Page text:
Hearing Aid Technology
How Common is Hearing Loss?
About 28 million people in the U.S. have some degree of reduced hearing sensitivity. Of this number, 80% have irreversible hearing loss. (NIDCD, 1989)
Over 1 million children in the U.S. have a hearing loss. (U.S. Public Health Service, . Healthy People 2000. Washington, DC: Government Printing Office.)
5% of children 18 years and under have hearing loss. (US Dept of Health and Human Services, . Healthy people 2000: National health promotion and disease prevention objectives. DHHS Publication No. 91-50121. Washington, DC: US Government Printing Office, Superintendent of Documents.)
How Do I Know if I Have a Hearing Loss?
Below are some general guidelines that may indicate a possible hearing loss. The presence of one or more of these conditions does not necessarily confirm hearing loss, but may prompt you to schedule a hearing evaluation. We provide comprehensive hearing evaluations for all ages.
- You often complain that people mumble or do not speak clearly.
- You frequently ask people to repeat what they've said.
- Your friends or family members tell you that they suspect you
have hearing loss.
- Looking at people when they talk to you makes it somewhat easier to understand, especially when there is a lot of background noise.
- You find yourself missing parts of conversations.
- You cannot hear the doorbell or the telephone ring.
- Others say that your preferred volume on the TV is too loud.
- Your child inconsistently responds to sound.
- Your child's speech or language development is delayed.
- Your child's speech is unclear or difficult to understand.
- The volume on the TV is turned up too loud.
- Your child does not follow (or misunderstands) directions.
- Your child frequently says, "what?" or asks for repetition.
- Your child does not respond when called.
At University Otolaryngology our highly skilled Audiologists (What is an audiologist?) perform comprehensive hearing evaluations on both pediatric (6 months +) and adult populations. During these evaluations, our audiologists will use age-appropriate techniques to assess the patient's ability to hear a variety of sounds, including speech and tones, presented through insert earphones, headphones or speakers. The audiologist will also check the ears (e.g. for wax, drainage, etc..) and perform testing which evaluates the eardrum and middle ear. This testing is comfortable and safe. Total testing takes from fifteen to thirty minutes.
Our audiologists are skilled in advanced hearing diagnostic testing and will perform further testing as indicated. Advanced testing is not performed at the initial hearing evaluation, but can be scheduled as needed for subsequent appointments. For more information regarding Audiology Diagnostic testing services you may download our patient information form.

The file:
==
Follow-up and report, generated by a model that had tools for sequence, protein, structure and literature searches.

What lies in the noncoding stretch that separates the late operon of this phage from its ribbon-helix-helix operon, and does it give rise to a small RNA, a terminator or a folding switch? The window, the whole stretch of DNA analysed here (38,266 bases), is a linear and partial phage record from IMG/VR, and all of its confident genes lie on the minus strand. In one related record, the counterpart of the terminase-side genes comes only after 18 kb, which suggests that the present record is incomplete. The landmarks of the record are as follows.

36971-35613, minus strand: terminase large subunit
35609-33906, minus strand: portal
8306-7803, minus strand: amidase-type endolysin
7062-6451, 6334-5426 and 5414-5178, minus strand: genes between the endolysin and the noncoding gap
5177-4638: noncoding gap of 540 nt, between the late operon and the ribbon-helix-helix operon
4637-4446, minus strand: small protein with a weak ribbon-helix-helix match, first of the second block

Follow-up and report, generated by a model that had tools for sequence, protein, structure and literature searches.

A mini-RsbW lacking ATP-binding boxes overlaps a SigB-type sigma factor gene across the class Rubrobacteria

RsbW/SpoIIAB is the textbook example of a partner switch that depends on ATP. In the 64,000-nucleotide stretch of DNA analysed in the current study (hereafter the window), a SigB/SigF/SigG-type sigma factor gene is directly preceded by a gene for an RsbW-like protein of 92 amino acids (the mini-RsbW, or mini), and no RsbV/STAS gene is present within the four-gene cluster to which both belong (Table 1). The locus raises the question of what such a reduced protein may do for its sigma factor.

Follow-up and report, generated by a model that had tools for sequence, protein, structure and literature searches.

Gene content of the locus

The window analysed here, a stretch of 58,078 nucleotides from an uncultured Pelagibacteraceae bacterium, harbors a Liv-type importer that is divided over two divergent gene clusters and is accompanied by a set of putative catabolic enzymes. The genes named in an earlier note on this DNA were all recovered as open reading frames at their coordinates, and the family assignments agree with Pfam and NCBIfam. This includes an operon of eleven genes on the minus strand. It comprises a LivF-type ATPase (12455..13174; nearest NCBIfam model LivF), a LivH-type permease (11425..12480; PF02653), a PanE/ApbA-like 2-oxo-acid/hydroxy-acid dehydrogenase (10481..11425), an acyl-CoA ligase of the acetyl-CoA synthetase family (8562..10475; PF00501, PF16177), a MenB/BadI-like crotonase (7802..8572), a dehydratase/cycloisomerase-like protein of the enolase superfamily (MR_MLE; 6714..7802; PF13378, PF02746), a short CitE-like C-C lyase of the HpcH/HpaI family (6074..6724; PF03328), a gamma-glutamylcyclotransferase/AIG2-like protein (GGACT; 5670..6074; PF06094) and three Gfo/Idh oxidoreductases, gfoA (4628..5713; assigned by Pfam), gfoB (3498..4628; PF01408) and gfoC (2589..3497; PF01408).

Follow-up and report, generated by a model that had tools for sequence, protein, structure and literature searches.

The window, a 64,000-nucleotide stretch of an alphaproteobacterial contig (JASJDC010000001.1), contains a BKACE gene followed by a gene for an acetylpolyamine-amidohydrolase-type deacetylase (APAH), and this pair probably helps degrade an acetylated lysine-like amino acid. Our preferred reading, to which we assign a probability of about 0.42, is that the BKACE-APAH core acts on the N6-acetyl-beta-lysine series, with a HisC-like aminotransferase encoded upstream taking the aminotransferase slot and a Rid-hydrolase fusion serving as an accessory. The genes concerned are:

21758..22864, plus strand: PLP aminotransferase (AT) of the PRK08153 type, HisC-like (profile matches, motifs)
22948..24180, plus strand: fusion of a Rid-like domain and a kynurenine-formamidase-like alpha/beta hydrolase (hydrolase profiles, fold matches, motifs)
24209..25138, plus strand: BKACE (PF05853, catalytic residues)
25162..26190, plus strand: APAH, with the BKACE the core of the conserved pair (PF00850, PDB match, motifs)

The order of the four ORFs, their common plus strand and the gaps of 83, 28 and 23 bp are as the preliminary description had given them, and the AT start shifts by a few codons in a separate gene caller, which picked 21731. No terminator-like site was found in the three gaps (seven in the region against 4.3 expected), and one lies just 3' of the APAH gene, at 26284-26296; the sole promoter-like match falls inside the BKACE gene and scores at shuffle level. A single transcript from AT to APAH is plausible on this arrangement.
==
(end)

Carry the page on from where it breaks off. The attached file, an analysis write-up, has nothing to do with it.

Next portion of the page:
Tip for parents: Testing is most productive when the infant/toddler is well rested, fed and dry.
Do I Need Hearing Aids?
Most hearing losses can be treated with hearing aids. Depending on the degree of your hearing loss, you may be able to benefit from amplification. There are four general categories or degrees of hearing loss: mild, moderate, severe & profound. Your hearing loss may fall into more than one category. For instance, you may have a mild hearing loss in the low pitches with a severe hearing loss in the high pitches. There are three types of hearing loss: conductive, sensorineural & mixed. Conductive hearing loss results from inefficient transmission of sound from your outer or middle ear to your inner ear. In conductive hearing losses, the inner ear is healthy. Ear infections and wax in the ear canal are two of the most common causes of conductive hearing loss. Hearing can be restored with medical treatment in most cases of conductive hearing loss. Sensorineural hearing loss involves damage to the inner ear. This damage and the accompanying hearing loss are generally irreversible, although there are cases where sensorineural hearing loss may be fluctuating or progressive (getting worse over time). Sensorineural hearing loss can result from noise exposure, certain medications, aging (presbycusis), genetics and so forth. Finally, in a mixed hearing loss, there is hearing loss that is associated with the inner ear (sensorineural) and the outer/middle ear (conductive). Your Audiologist will explain your hearing loss in detail and work with you to determine whether you could benefit from amplification.
Do I Need Two Hearing Aids?
Wearing two hearing instruments, or binaural amplification, is usually recommended by hearing health care professionals for the following reasons:
- It has been found that the listener is more relaxed with two instruments because binaural amplification eliminates the need to strain to hear a sound. If only one instrument is worn, you will continually use the good ear by turning toward the source of the sound.
- Wearing two instruments makes it easier to locate the source of a sound-whether it is a nearby ambulance, someone calling your name or the room where the phone is ringing.
- Two instruments help you to better understand speech, especially in a situation where noise is present.